The current study excluded all patients having STEMI because its diagnosis does not depend on cardiac biomarkers. A study11 using qualitative H-FABP as a diagnostic marker of cardiac disease within the first six hours in patients with STEMI reported the sensitivity of H-FABP as 95% in comparison with Trop-I (76%) and CK-MB (38%). In the current study, H-FABP assessment within two hours revealed 19 false-positive (FP) and 6 false-negative (FN) patients. FP result of H-FABP mostly developed in patients who had renal impairment during admission in the coronary care unit (CCU). Naroo et al.12 also showed that renal failure could result in FP H-FABP levels. Literature has also reported that H-FABP could be regarded as a sensitive marker for minor myocardial injury with ischaemia but no detectable levels of standard cardiac biomarkers in the blood.13 This could also be a reason for FP findings in ischaemic patients with UA that could not have been detected by our reference standard Trop-I, and we labelled these results as FP due to our standard settings. The results for FN were also reviewed to find the reason, but no precise reason was found except that relatively high number of early presenters within an hour after the onset of symptoms may be the factor for FN results which was comparable with the outcome of Willemsen et al. who also included early presenters in their study.14 Trop-I assessment within two hours revealed 61 FP and 7 FN patients. The reason for FP elevation of troponin was the existence of fibrin in the specimens or development of endogenous antibodies secondary to rheumatoid factor (RF) in some of our known rheumatoid arthritis (RA) patients or heterophilic antibodies derived from immunotherapies in a few of our patients who previously were treated for chronic liver diseases. This is in line with Tanindi et al.15 Likewise, reason for FN part of our findings could be the development of auto-antibodies against the central segment of Trop-I in some of the patients having auto-immune diseases, like systemic lupus erythematosus (SLE) or ulcerative colitis, that delay the diagnosis and thus, we missed the definite diagnosis. Nevertheless, an FN troponin value may result due to mismatch of the timing of sample drawn and extent of the infarction. This is also reported by a study that peak troponin values will be low in patients with minor myocardial infarcts.16 CK-MB assessment within two hours revealed 69 FP and 9 FN patients. The reason for FN result of CKMB in acute myocardial injury compared to other biomarkers could be due to the fact that slightly elevated Trop-I levels may be found due to the presence of unbound component of troponin in the cardiac myocytes, which is about 6% of cTnT and 3% of cTnI, but CK-MB levels remained in the reference range. Similar findings were reported by Tanindi et al.15 We observed FP result of CK-MB in a fraction of patients presenting with hypertensive crisis along with neurological ischaemia or stroke. Although this scenario can point towards a diagnosis of ACS, but normal troponin along with elevated CK-MB suggests that the surge in CK-MB is non-cardiac in origin which is common in patients with ischaemic stroke. Ay et al,17 also reported similar findings.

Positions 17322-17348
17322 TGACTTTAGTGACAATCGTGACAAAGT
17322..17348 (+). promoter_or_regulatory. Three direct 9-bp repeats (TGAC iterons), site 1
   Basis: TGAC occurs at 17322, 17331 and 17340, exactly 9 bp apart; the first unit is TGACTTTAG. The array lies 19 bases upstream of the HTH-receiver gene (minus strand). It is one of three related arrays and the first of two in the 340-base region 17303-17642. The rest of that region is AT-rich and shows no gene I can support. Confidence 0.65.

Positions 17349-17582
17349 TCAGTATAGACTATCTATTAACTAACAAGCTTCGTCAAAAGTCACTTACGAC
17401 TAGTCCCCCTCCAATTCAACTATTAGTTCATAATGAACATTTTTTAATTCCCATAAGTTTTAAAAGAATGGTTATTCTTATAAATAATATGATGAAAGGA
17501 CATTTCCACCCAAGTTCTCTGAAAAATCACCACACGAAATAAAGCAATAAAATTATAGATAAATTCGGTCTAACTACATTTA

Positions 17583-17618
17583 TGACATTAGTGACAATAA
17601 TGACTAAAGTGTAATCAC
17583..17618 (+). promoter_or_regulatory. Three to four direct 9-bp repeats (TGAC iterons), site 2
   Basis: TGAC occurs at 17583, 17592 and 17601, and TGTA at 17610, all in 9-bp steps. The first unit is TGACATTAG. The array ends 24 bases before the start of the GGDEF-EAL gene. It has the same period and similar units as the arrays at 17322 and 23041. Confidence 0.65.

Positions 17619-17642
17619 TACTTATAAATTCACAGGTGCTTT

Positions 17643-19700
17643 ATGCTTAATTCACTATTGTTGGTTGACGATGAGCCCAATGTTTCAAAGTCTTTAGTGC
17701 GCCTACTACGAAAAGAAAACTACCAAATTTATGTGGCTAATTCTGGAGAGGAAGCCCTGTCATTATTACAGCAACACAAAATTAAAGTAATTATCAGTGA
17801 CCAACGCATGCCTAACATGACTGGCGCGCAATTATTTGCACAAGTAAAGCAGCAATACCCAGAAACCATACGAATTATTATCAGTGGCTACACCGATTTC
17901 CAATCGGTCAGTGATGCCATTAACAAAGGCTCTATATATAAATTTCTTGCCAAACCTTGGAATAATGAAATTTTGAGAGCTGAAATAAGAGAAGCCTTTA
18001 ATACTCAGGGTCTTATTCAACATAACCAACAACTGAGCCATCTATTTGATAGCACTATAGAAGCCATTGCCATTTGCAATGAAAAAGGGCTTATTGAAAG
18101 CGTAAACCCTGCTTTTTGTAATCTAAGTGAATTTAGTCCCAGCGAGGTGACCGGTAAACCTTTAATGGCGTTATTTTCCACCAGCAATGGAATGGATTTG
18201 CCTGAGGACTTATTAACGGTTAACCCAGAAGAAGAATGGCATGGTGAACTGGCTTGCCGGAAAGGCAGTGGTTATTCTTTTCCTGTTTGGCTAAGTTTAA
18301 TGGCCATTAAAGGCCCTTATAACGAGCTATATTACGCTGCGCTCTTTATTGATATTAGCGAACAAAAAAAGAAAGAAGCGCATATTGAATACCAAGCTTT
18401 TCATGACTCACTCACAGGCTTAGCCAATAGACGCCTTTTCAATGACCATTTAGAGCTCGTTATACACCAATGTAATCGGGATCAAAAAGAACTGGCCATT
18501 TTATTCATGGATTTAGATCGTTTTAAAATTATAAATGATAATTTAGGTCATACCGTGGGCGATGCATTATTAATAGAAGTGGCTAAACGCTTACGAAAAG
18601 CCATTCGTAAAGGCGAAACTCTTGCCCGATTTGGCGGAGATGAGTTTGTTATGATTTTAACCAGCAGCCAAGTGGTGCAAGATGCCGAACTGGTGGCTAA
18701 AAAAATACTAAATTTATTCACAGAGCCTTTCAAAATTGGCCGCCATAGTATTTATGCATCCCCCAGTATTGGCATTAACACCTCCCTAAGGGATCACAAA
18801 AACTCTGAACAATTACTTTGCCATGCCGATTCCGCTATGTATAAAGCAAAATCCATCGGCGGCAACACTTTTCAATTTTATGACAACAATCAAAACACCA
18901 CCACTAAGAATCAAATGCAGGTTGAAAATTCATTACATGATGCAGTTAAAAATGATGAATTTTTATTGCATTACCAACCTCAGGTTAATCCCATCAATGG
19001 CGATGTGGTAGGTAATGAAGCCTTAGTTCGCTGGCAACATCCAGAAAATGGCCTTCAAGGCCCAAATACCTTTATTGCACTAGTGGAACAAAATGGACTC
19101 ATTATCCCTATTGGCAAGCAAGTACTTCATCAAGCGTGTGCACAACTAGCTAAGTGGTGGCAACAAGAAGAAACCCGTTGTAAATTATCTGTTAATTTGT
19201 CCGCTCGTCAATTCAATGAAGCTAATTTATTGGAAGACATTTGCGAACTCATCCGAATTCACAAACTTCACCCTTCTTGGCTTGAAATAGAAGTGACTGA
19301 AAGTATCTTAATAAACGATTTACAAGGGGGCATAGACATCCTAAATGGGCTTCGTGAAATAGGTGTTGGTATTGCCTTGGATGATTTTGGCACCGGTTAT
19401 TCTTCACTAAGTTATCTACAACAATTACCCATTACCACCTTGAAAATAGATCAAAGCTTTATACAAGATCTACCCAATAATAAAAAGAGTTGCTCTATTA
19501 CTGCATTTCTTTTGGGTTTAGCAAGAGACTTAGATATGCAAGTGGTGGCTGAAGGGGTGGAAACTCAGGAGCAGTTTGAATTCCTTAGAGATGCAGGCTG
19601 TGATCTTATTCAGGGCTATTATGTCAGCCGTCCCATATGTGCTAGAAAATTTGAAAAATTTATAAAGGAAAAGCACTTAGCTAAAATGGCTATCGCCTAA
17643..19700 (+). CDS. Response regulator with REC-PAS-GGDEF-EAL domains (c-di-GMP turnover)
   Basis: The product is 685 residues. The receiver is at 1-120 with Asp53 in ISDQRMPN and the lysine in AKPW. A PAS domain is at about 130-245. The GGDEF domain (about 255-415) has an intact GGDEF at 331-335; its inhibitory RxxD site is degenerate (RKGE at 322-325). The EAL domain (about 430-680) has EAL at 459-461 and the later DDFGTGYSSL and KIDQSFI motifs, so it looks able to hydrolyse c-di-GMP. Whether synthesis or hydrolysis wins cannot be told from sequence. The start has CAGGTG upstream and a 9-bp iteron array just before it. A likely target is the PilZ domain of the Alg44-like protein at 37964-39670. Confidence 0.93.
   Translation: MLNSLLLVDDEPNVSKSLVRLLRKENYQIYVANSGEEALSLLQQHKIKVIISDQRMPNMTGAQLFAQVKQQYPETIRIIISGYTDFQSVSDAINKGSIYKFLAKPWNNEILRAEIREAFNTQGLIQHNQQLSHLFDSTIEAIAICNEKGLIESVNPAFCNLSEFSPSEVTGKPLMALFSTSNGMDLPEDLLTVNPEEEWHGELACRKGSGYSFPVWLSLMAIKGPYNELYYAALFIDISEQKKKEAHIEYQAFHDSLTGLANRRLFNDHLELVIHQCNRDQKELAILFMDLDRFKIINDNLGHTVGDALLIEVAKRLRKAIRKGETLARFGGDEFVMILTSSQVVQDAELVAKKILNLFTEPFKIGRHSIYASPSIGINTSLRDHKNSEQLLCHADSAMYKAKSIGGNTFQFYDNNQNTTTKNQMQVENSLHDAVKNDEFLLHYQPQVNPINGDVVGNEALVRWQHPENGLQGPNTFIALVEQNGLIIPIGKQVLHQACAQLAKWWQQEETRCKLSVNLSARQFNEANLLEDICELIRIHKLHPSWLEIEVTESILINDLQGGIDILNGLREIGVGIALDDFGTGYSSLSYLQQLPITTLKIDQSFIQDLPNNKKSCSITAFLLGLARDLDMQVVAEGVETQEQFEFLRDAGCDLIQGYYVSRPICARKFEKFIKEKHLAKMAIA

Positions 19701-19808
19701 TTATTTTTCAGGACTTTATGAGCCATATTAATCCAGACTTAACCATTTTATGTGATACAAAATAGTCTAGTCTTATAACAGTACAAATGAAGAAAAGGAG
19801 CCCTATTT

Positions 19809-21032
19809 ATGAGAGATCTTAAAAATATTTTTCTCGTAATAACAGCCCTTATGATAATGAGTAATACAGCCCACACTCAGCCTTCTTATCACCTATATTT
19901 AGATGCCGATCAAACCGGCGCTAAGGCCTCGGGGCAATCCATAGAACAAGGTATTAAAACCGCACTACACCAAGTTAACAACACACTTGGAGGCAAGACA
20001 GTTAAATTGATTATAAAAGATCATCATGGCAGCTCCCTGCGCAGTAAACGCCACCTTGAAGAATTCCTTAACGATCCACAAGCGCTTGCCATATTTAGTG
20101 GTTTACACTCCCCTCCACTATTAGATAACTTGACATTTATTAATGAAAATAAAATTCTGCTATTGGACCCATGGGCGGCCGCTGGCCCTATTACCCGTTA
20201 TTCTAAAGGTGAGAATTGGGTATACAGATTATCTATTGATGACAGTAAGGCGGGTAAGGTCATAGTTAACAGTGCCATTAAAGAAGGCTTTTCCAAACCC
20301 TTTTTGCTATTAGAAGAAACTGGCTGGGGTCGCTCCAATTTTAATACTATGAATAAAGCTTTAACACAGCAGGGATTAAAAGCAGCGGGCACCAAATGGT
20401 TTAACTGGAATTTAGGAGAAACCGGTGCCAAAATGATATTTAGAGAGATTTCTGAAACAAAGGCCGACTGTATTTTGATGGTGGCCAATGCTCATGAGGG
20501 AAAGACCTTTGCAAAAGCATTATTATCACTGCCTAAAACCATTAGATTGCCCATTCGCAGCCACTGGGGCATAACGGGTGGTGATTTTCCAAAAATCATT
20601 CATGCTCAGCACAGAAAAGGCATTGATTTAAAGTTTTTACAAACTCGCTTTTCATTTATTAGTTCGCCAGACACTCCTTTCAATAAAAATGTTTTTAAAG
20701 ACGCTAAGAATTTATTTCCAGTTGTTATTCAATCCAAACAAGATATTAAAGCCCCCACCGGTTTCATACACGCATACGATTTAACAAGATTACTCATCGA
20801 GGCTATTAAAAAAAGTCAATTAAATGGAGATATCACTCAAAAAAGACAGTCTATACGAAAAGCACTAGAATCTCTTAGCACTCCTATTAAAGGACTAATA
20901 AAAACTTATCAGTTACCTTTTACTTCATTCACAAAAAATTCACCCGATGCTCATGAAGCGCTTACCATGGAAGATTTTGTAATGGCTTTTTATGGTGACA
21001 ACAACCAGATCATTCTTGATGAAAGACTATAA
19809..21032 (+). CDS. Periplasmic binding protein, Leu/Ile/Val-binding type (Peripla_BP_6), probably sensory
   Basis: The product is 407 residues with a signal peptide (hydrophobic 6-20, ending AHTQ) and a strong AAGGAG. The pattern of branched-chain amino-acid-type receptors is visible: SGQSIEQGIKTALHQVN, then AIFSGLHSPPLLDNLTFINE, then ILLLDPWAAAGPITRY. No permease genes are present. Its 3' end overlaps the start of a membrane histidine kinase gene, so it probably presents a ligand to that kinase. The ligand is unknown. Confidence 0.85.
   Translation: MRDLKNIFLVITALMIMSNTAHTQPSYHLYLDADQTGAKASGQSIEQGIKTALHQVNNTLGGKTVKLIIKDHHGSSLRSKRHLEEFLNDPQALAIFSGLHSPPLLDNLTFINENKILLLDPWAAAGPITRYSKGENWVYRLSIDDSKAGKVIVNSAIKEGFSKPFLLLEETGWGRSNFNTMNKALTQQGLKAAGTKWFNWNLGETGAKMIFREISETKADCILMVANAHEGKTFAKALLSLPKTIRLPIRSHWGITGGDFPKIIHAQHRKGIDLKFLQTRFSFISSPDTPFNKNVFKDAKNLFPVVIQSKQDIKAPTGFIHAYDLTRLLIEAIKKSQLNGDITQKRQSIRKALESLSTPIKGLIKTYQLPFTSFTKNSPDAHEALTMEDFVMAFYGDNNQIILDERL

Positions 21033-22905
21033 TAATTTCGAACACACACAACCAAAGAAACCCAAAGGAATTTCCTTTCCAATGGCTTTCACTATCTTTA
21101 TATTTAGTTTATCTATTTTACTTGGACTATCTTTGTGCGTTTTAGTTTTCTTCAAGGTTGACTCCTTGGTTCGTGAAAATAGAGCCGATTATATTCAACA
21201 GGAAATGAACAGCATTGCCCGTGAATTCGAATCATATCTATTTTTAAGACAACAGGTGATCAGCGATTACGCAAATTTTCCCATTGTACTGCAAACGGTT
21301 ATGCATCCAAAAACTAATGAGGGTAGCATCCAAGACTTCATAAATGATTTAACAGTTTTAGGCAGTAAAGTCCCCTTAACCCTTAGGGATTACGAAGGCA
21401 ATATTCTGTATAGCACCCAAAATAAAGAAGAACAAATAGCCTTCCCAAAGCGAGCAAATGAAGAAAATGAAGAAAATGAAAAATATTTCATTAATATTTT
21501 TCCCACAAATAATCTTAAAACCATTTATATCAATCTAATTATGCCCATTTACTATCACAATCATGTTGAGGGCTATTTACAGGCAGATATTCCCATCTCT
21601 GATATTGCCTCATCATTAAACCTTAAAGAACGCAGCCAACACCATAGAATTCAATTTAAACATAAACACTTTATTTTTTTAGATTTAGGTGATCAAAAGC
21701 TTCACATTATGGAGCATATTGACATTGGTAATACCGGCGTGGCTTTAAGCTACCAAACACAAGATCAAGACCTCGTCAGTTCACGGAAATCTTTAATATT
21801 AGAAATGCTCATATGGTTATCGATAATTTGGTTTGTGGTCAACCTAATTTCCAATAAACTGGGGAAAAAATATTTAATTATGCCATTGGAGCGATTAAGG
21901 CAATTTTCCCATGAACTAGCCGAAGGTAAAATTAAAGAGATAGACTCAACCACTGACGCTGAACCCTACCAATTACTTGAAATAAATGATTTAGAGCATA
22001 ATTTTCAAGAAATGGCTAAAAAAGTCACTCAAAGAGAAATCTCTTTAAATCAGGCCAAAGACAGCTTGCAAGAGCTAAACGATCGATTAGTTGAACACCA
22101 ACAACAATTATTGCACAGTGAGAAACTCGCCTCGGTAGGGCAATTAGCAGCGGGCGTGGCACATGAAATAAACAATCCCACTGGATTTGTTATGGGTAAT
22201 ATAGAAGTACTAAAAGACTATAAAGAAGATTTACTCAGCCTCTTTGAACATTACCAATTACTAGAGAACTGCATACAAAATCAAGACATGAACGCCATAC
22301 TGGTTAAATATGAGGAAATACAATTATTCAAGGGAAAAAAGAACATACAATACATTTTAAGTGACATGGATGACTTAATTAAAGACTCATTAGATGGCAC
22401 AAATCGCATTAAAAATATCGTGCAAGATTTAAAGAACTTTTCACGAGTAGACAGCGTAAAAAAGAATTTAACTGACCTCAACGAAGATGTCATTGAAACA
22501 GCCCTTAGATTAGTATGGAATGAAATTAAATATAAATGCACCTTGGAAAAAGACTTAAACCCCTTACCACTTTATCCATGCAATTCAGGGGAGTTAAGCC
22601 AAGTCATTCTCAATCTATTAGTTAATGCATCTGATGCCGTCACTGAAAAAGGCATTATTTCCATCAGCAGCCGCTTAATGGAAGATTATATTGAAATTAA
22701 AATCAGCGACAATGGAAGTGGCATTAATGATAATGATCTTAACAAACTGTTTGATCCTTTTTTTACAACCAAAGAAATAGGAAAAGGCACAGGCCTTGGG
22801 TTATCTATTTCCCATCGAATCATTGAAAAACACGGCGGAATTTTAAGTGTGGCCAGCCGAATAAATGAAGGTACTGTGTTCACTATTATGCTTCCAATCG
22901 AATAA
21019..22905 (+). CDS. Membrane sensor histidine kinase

The demographic data of the current study showed mean age of 54.20±13.86 years while one study done in Pakistan reported 60±5.0 years in their population.18 The reason for younger age in our population may due to the fact that most patients had at least three or more co-morbids. We also found the male gender to be more prone to CAD, which has also been reported earlier.19,20 It is also postulated in literature that young and female gender imply lower CAD risk due to oestrogen's protective effects. This might be a reason that most women with clinical CAD are generally older than men.21 One study22 also reported that young women who by chance, lose their natural protection against CAD, are at especially high risk compared with women who develop heart disease after menopause. Besides, it was also concluded from the study that there were three most important cardiovascular risk factors which were more prone to myocardial infarction or UA were hypercholesterolaemia, HTN and smoking, followed by diabetes, obesity and family history. The current supported the findings of Chiha et al23 that approximately 44% reduction in ACS resulted after modification of these three most important cardiovascular risk factors.
The comparison of diagnostic utility of all the 3 cardiac biomarkers revealed that H-FABP was superior in sensitivity than other biomarkers when measured on admission, and was characterised by sensitivity of 80.6% and specificity of 78.5% respectively in all patients who came within two hours of onset of symptoms. Shama et al. reported that FABP is a superior biomarker for early-hour detection due to higher sensitivity in comparison with other biomarkers.24 Another study done25 on 67 patients with acute chest pain in the first three hours suspected of AMI, UA and non-cardiac chest pain reported the sensitivity and specificity of H-FABP to be 81.8% and 88.2% respectively while the sensitivity of Trop-T and CK-MB were 81.8% each, and specificity was 76.5% and 41.2% respectively. The superior specificity of H-FABP might be due to higher permeability of the endothelial barrier for small proteins that enable H-FABP to exhibit an early and significant release after myocardial injury and make it more easily being detected.
In terms of limitations the study comprised hospital-based referral population which is fairly representative of an ED setting and may not necessarily reproduce results for the general population. Also, owing to the limited numbers of H-FABP kits, we could not compare H-FABP with other biomarkers in the late time period > 2 hours.
H-FABP was found to be a better diagnostic tool in NSTE-ACS, especially in the early time period window, after chest pain. As an early marker, it can reliably diagnose ACS. Compared to cardiac troponin, H-FABP is emerging as a diagnostic marker to rule out non-AMI patients in the early acute phase.
Disclaimer: The text is based on an MD thesis.
Conflict of Interest: None.
Source of Funding: H-FABP Kits (CardioDetect) were provided by Maple Pharmaceuticals, Karachi.